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In Search of a Concrete Music

Pierre Schaeffer (Author), John Dack (Translator), Christine North (Translator)

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Hardcover, 244 pages
ISBN: 9780520265738
November 2012
$75.00, £55.95
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Pierre Schaeffer’s In Search of a Concrete Music (À la recherche d’une musique concrète) has long been considered a classic text in electroacoustic music and sound recording. Now Schaeffer’s pioneering work—at once a journal of his experiments in sound composition and a treatise on the raison d’être of “concrete music”—is available for the first time in English translation. Schaeffer’s theories have had a profound influence on composers working with technology. However, they extend beyond the confines of the studio and are applicable to many areas of contemporary musical thought, such as defining an ‘instrument’ and classifying sounds. Schaeffer has also become increasingly relevant to DJs and hip-hop producers as well as sound-based media artists. This unique book is essential for anyone interested in contemporary musicology or media history.
Translators’ Note
I. First Journal of Concrete Music (1948–1949)
Chapter 1
Chapter 2
Chapter 3
Chapter 4
Chapter 5
Chapter 6
Chapter 7
II. Second Journal of Concrete Music (195–1951)
Chapter 8
Chapter 9
Chapter 1
Chapter 11
Chapter 12
Chapter 13
III. The Concrete Experiment in Music (1952)
Chapter 14. The Concrete Approach
Chapter 15. The Experimental Method
Chapter 16. The Musical Object
Chapter 17. From the Object to Language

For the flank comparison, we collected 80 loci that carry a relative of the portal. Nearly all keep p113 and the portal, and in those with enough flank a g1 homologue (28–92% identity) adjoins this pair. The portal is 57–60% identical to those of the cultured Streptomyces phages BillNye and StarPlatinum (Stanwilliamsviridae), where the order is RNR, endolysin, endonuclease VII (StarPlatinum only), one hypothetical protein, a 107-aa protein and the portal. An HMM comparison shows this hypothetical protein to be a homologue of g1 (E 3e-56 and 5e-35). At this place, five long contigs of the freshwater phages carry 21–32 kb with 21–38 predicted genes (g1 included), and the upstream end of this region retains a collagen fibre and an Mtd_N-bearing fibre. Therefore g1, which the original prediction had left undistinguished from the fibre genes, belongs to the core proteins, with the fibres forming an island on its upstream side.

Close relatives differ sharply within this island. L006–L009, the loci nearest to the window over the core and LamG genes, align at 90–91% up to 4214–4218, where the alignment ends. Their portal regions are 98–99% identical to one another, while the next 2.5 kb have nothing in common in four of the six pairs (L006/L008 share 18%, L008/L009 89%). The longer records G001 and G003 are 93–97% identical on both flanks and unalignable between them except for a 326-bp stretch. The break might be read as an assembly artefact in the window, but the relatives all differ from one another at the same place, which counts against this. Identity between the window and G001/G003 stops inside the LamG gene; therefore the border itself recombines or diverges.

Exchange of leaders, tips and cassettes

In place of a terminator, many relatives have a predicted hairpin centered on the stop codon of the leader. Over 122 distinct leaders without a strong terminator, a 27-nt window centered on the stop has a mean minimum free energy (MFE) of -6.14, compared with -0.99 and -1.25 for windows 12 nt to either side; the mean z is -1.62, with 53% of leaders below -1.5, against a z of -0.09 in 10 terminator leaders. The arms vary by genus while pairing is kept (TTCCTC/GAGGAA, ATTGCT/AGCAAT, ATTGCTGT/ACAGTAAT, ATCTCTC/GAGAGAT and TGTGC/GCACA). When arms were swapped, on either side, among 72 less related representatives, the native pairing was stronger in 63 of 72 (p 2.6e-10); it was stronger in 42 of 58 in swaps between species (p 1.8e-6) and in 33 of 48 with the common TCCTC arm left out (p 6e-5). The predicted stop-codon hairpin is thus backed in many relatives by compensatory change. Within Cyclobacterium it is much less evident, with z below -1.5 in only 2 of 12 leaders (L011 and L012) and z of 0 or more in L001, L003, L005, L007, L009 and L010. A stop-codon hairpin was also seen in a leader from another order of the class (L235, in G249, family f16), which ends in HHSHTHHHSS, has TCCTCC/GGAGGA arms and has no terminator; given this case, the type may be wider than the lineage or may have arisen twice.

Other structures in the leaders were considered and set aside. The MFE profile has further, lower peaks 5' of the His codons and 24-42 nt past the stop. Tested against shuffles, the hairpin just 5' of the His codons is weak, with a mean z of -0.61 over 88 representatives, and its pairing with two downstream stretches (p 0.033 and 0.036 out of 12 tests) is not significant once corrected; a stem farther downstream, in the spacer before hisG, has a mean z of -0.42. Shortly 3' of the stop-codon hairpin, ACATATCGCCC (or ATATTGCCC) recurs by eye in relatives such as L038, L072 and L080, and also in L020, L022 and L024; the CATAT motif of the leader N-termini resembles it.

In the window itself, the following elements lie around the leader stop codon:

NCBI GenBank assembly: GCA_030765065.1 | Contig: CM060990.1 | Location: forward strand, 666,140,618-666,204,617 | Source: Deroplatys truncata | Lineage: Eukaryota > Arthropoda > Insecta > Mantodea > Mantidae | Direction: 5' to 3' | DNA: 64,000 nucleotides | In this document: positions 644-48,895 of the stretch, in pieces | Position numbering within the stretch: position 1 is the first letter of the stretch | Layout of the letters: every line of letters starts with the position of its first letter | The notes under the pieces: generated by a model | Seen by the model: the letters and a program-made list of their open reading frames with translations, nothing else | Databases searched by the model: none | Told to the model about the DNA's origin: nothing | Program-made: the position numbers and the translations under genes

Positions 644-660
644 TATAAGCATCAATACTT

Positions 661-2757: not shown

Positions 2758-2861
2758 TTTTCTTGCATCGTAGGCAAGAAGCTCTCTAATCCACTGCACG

Chapter 18. From the Object to the Subject
Chapter 19. Inventory
Chapter 2. Farewells to Concrete Music
IV. Outline of a Concrete Musical Training
Index
Composer Pierre Schaeffer (1910–1995) was the inventor of musique concrète music created by combining and manipulating recorded sounds (rather than being played on conventional musical instruments).

Translators:
John Dack is Senior Research Fellow and Director of the Sonic Arts Department at Middlesex University. Christine North is retired as Lecturer in French at Middlesex University.
“Collects Schaeffer’s journals and other writings about his musique concrete, which he created by manipulating recorded sounds.”—Harper’s
“One of the postwar perìod’s most significant (and readable) grapplings with new artistic paradigms.”—Rob Young Frieze
“Completely changed how I hear the world and, after more than 30 years, I am still living with the consequences.”—John Dack The Wire
“One striking impression that emerges from reading this book is that [Schaeffer’s] work merits a perspective with greater nuance. Like most creators aware of the creative and conceptual restrictions of their historical location, we find Schaeffer time and again seeking a way to transcend them.”—Times Higher Education
“Schaeffer’s prose, translated masterfully by North and Dack, captures these uneven rhythms of intuition and perplexity, and his imagination and wit as he sets his observations not only against official and unofficial histories of music, but against contemporary art, poetry, and science.”—Los Angeles Review Of Books
“Recommended.”—J. Behrens, Wolf Museum of Music and Art Choice
"Few books have described with such precision the evolution of thoughts and concepts behind the invention of a new music as A La Recherche d’une Musique Concrete. In this book Schaeffer has unveiled the major philosophical problems of music of the second half of the twentieth century. An excellent translation by Dack and North." —Daniel Teruggi, Head of Institut National Audiovisuel, Groupe de Recherches Musicales, Paris